After 25 years of serving Longmont, Deputy Chief of Fire Services Jerrod Vanlandingham has decided to return to his roots in California.
Prior to working in Longmont, Vanlandingham and his wife, Carol, moved to Redding, California after Carol found a job as a dietician at a nearby hospital. The couple moved to Longmont in 1995, where their three sons, 22, 20, and 18, were born and raised.
“That’s where my wife and I first made our home, after we were married,” Vanlandingham said. “It’s where I started my career in emergency services … I was excited to think that I could maybe finish my career in the same city where I began my career.”
Redding has an estimated population of 90,000, which is a similar size to Longmont. The fire department, too, is around the same size. Not knowing all the details of the challenges his new community faces, Vanlandingham said he will approach it with an open mind while bringing the experiences he gained in Longmont into the conversation.
“We have accomplished a ton of great things in Longmont. I think that there is opportunity out there to have some of those same conversations. They are experiencing some of the same situations that we are here as are many communities — homelessness, mental health, and addiction issues,” Vanlandingham said
“I’m just excited for the challenge and the opportunity to make an impact in a community that is similar to Longmont.”
During Vanlandingham’s tenure in Longmont, the city has reduced its Insurance Services Office, or ISO score from a 4 to a 2 by adding additional fire stations and staff. This was possible because of the Public Safety Tax Fund approved by voters in 2017.
“The ISO scores fire departments on how they are doing against its organization’s standards to determine property insurance costs. After analyzing the data it collects, the ISO assigns a Public Protection Classification (PPC) on a scale from 1 to 10. The higher the ISO fire protection class (with Class 1 being the best), the “better” the department — at least in the eyes of the ISO,” according to the PowerDMS’ website.
Vanlandingham worked closely with area fire chiefs to regionalize the hazmat unit to serve all of Boulder County rather than Longmont being the only department with those capabilities.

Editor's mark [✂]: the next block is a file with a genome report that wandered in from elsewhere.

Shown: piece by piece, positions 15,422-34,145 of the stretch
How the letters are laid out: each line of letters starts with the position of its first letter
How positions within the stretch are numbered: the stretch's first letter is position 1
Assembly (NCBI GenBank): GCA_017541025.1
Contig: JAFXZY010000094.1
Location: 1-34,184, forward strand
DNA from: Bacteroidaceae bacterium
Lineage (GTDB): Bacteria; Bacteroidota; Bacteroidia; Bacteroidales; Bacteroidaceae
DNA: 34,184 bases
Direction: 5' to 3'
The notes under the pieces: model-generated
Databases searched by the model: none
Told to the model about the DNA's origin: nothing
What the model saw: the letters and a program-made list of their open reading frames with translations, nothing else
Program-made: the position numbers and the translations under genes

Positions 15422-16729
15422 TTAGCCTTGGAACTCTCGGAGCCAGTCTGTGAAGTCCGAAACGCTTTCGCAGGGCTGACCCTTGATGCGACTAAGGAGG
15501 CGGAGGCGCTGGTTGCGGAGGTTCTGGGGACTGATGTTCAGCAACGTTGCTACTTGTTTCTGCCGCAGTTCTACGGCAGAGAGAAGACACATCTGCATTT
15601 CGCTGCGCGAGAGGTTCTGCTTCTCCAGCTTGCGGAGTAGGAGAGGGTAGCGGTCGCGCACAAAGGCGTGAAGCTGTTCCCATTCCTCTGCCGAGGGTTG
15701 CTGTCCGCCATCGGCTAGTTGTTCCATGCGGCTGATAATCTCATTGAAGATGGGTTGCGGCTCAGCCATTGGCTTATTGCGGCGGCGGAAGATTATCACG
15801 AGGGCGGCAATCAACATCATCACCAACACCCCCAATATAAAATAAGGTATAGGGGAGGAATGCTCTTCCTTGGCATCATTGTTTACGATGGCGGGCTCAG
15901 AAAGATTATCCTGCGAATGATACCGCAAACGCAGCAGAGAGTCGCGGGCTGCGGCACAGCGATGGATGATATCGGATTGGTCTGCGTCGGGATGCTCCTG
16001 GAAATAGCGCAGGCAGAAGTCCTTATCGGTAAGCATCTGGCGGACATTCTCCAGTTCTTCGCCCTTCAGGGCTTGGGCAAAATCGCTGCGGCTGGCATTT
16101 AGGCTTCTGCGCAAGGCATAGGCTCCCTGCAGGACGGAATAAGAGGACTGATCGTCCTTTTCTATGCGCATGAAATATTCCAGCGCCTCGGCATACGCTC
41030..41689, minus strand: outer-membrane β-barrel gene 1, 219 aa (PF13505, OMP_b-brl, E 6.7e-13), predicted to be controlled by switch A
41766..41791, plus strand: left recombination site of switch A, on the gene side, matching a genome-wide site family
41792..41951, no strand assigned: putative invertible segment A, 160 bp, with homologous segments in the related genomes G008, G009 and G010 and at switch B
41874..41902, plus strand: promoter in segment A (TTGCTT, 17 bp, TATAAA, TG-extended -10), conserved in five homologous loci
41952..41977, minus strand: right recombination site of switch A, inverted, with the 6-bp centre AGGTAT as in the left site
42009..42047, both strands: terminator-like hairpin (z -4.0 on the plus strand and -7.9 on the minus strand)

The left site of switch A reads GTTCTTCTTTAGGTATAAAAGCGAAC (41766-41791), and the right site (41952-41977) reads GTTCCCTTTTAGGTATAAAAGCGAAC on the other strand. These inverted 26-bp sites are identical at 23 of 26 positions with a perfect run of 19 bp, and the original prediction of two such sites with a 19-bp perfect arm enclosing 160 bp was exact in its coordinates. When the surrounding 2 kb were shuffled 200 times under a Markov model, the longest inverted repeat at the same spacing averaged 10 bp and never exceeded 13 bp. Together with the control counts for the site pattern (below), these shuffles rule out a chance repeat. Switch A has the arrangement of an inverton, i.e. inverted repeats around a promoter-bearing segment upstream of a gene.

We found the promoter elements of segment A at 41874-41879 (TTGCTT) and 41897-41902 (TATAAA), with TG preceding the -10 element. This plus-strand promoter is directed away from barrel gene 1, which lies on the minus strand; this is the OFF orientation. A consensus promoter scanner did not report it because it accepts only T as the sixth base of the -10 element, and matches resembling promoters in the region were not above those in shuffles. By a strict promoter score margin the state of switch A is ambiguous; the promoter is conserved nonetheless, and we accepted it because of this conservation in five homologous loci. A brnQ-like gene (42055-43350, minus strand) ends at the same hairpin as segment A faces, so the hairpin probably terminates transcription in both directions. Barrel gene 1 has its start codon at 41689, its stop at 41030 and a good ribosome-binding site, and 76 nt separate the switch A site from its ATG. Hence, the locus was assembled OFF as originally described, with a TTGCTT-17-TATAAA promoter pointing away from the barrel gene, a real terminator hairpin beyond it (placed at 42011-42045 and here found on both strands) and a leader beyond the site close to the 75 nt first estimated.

He also was able to create an Alpha car within the fire department. The Alpha car has a staff of six and responds to lower priority calls, leaving the larger fire engines to respond to critical calls.
“The thing I’m most proud of is our cardiac arrest success rates,” he said.
The national average of success is 14%, but in Longmont that number climbs to around 48%, “meaning if you have a heart attack in Longmont you have a 48% chance of survival versus somewhere else in the country,” Vanlandingham said.
“We have had a lot of success here in Longmont and it’s not attributed to just me, by any means. It’s that we have a great staff and a great community and we’ve built strong relationships.”
"I will personally miss Jerrod's commitment to community involvement, deep expertise and commitment to the Fire Services staff. Jerrod and I had the opportunity to facilitate the Public Safety Community strategic plan together a few years ago, and I always appreciated his level-headed approach to educating the public while truly listening to their concerns and ideas for the future," Assistant City Manager Sandi Seader said. "Redding is lucky to have such a positive influencer leading their fire services and I wish Jerrod the best of luck!"
Although Vanlandingham said he will miss Longmont, he is confident the person who takes his place will be able to continue moving the city forward. Thus far, no one has been hired to replace Vanlandingham as fire chief.
“We have some great people with the fire department. I’m leaving this organization in good hands,” he said.
Vanlandingham will serve his last day as deputy fire chief on Oct. 2.
“This is a great community and the city of Longmont has been fantastic to work for 25 years and I never thought I would leave but when this opportunity came up I was thrilled at the chance to be the fire chief out there,” Vanlandingham said. “It is definitely the people and the relationships here that I will miss the most.”
Correction: Sandi Seader and Jerrod Vanlandingham's names had spelling errors.